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CLI Commands

A command-line interface (CLI) is a mechanism for interacting with a computer operating system or software by typing commands to perform specific tasks. A command-line interpreter then receives, parses, and executes the requested user command. Upon completion, the command usually returns output to the user in the form of text lines on the CLI. A program that implements such a text interface is often called a command-line interpreter, command processor or shell, whereby the term shell, often used to describe a command-line interpreter, can be in principle any program that constitutes the user-interface, including fully graphically oriented ones—for example, the default Windows GUI is created by a shell program named EXPLORER.EXE, as defined in the SHELL=EXPLORER.EXE line in the WIN.INI configuration file.
Screenshot of the MATLAB 7.4 command-line interface and GUI.
In the case of operating systems (OS), MS-DOS and Unix each define their own set of rules that all commands must follow. A simple CLI will display a prompt, accept a "command line" typed by the user terminated by the Enter key, then execute the specified command and provide textual display of results or error messages. Advanced CLIs will validate, interpret and parameter-expand the command line before executing the specified command, and optionally capture or redirect its output.
Useful command lines can be saved by assigning a character string or alias to represent the full command, or several commands can be grouped to perform a more complex sequence — for instance, compile the program, install it, and run it — creating a single entity, called a command procedure or script which itself can be treated as a command. In some CLIs, the commands issued are not coupled to any conceptual place within a command hierarchy. A user can specify relative or absolute paths to any command or data. Examples of this include DOS, OS/2, Windows, and UNIX, which provide forms of a change directory command which allows access to any directory in the system. For example, if the CLI had two modes called interface and system, the user would enter the word 'interface' at the command prompt and then enter an interface mode, where a certain subset of commands and data are available. At this point system commands are not accessible and would not be accessible until the user explicitly exits the interface mode and enters the system mode.

Command prompt

A command prompt (or just prompt) is a sequence of (one or more) characters used in a command-line interface to indicate readiness to accept commands. In DOS's COMMAND.COM and in the Windows NT's command-line interpreter cmd.exe the prompt is modifiable by issuing a prompt command or by directly changing the value of the corresponding %PROMPT% environment variable.
[time] user@host: work_dir $
could be set by issuing the command
In RISC OS, the command prompt is a '*' symbol, and thus (OS)CLI commands are often referred to as "star commands".[1]


A command-line argument or parameter is an argument sent to a program being called. When a command processor is active a program is typically invoked by typing its name followed by command-line arguments (if any). For example, in Unix and Unix-like environments, an example of a command-line argument is:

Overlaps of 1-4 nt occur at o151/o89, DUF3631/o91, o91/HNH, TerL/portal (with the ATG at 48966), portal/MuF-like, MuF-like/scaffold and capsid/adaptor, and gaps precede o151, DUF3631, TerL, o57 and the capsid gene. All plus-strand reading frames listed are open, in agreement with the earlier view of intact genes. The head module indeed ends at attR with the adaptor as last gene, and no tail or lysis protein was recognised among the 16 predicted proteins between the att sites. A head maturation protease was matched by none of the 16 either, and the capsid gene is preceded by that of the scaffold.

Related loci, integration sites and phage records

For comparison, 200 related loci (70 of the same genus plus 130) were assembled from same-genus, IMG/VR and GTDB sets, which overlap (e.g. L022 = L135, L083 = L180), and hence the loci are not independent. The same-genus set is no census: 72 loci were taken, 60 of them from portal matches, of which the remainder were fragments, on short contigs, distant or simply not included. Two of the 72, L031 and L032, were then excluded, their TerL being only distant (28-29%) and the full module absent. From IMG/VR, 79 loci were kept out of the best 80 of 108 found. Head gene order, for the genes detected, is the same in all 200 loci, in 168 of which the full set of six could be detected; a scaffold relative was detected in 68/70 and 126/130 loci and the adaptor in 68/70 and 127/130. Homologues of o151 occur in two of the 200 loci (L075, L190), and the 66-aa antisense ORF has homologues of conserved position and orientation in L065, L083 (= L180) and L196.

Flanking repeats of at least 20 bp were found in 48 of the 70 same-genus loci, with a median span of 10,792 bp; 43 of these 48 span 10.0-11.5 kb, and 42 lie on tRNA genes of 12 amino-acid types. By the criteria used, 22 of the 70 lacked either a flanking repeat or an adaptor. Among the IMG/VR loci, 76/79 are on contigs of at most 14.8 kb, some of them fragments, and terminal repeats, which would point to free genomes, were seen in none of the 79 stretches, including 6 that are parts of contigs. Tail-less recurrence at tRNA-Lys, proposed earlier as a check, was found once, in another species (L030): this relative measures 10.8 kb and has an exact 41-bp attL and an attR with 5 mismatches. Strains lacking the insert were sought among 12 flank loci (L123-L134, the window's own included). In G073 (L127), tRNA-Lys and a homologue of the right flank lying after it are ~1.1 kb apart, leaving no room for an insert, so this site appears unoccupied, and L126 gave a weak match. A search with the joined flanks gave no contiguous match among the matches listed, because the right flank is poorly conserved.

Command-line option

A command-line option or simply option (also known as a flag or switch) modifies the operation of a command; the effect is determined by the command's program. Options follow the command name on the command line, separated by spaces. By appending the /owner option (to form the command directory/owner), the user can instruct the directory command to also display the ownership of the files.
Some command-line interpreters (including newer versions of DR-DOS COMMAND.COM and 4DOS) also provide pseudo-environment variables named %/% or %SWITCHAR% to allow portable batchjobs to be written.
Long path/Long program name Parameter one Parameter two ...
Long_path/Long_program_name Parameter_one Parameter_two ...,
"Long path/Long program name" "Parameter one" "Parameter two" ...

Command-line interpreter

A command-line interpreter (also called a command line shell, command language interpreter, or abbreviated as CLI) is a computer program that reads lines of text entered by a user and interprets them in the context of a given operating system or programming language.
Command-line interpreters allow users to issue various commands in a very efficient (and often terse) way. [2] For business application programs, text-based menus were used, but for more general interaction the command line was the interface.
From the early 1970s the Unix operating system on minicomputers pioneered the concept of a powerful command-line environment, which Unix called the "shell", with the ability to "pipe" the output of one command in as input to another, and to save and re-run strings of commands as "shell scripts" which acted like custom commands.
While most computer users now use a GUI almost exclusively, more advanced users have access to powerful command-line environments:


Most command-line interpreters support scripting, to various extents. For a few operating systems, most notably DOS, such a command interpreter provides a more flexible command line interface than the one supplied. In other cases, such a command interpreter can present a highly customised user interface employing the user interface and input/output facilities of the language.

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